0:02

Drew has given me a program called rotate,

and he told me there's a bug in it.

So let's look at the program and see what it's supposed to

do and then see if we can find the bug.

Here in rotate.c, let's look at the main.

Main calls testRotate.

And what this program is supposed to do is take a point (1,0) or take a point such as

(1,0) rotated by an angle such as 90 and then see what point is the output.

Here in testRotate, we're calling it with

(1,0) and 90 so we expect the rotated point to be (0,1),

and the function testRotate will let us know if we're getting the output we expect.

So let's look at testRotate.

It takes an x and y value,

a number of degrees to rotate it by,

and then compares it to the expected value.

Here, we have two assert statements.

This one that compares the x value to what's

expected and this one that compares the y value to what's expected.

And this function calls rotate with a point and a number of degrees.

So let's look at this function rotate.

Here, it does the work of the rotation by calling these trig functions cosine and

sine that are included in the header, math.h.

So let's run this program and see what the bug might be.

Rotating (1,0) by 90 degrees,

that was our first test case.

Assertion failed, and the assertion that failed concerns the y values.

So we're having trouble transforming the y value to get the one we expect.

Back in Emacs, we can run the debugger to see what the values are in this program

as it runs and see if we can find where it's doing something we don't expect.

So I'll do meta-x gdb,

run it default, and once you start the program,

it'll stop just after it enters main.

And in this program,

there's probably no problem in main.

We're just calling testRotate.

In testRotate, the work is really being done by the function rotate,

and we can see that two lines later,

this assert here is what's failing.

So somewhere in this function rotate,

we're probably doing something we don't expect.

So one way to investigate that is to set a breakpoint just inside the function rotate.

You can also set a breakpoint on a line number but, here,

I know which function I want to look at,

and then I'll continue running.

2:53

Change buffers.

I want to look at the program.

Okay. So here I've set a breakpoint on the line just inside the function rotate,

and I'm about to execute this command that changes p.x and rotate it by 90 degrees.

I'm very interested in the values of p.x and p.y,

so one thing I can do is display their values.

And that way, each time I advance the code,

it'll tell me what the values of those are.

And I can do the same thing for p.y.

(1,0). Those are the input values.

So at this point in the program, that's what I expect.

So I will step,

and I've stepped into sine. That's not what I meant to do.

So if you enter a function that's not useful to you,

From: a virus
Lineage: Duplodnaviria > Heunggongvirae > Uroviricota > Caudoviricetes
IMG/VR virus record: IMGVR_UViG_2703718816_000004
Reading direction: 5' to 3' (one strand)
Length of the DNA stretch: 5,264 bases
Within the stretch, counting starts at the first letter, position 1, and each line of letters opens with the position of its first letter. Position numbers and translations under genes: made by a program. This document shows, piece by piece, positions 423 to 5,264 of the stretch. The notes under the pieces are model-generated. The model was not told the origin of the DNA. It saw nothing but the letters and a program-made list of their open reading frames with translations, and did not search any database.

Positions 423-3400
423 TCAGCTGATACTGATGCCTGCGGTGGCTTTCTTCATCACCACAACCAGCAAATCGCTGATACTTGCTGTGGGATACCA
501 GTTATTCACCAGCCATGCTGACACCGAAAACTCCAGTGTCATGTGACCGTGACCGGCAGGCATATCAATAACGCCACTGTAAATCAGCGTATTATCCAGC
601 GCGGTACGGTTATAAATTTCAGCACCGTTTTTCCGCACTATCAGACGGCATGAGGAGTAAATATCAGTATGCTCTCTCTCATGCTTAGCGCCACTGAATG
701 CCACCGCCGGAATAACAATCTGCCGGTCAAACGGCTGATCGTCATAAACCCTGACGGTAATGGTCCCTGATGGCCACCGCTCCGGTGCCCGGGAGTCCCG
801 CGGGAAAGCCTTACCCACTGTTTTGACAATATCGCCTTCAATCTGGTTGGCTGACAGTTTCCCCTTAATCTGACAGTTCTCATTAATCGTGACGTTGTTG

you can finish and go to the end of that function.

And then I will advance to the next line.

So, now, the values of p.x and p.y have changed.

p.x is something times 10 to the negative 17th,

very, very small, so close to 0.

And we're expecting the output to be (0,1).

So that value of p.x makes sense.

We're okay with that. Advancing past the next line,

and we get a value for p.y,

that's also very small.

That's not what we expect. We're hoping to get the point (0,1) out of this.

So, let's see why this calculation on p.y might not be giving us the answer we want.

The input value of p.x is one,

sine of 90 is one,

so that part should be one,

plus input value of p.y is zero,

times the cosine of 90 is zero.

So this line should say 1 plus 0 but, somehow,

it's giving us the answer 0 instead. Can you figure out why?

Here, we're using p.x,

but we're expecting it to be the value we had on input, 1.

However, we've changed its value on the previous line.

So how can we change that? We'd like to preserve the input values of x and y.

And one way to do this is to create a new point t called answer,

and then we will, instead,

assign values to the answers x and y.

And then we will return our answer.

So let's save that and compile,

and then let's run gdb again.

We're stopping at that same breakpoint.

Once again, let's display p.x and p.y.

They're (1,0) on input. That's what we expect.

Advance to the next line.

p.y and p.x are unchanged. That's the behavior we want.

Let's print the value we just assigned answer.x,

close to zero, good.

Advance it again.

And then print the value of the answer.y, 1.

That's also what we expect.

So I think we fixed our program.

Let's go ahead and clear the breakpoint in this function and run it until the end.

So here's the output from our program.

It's gone through all of these test cases,

rotating (1,0) by 90 and got (0,1). That's what we expect.

Rotating (0,1) by 90 and getting (negative 1,0),

also what we expect.

You could do some of these in your head and make sure they're right.

But the important thing is that none of our assert statements failed.

So it looks like we've fixed our program,

and we can quit the debugger.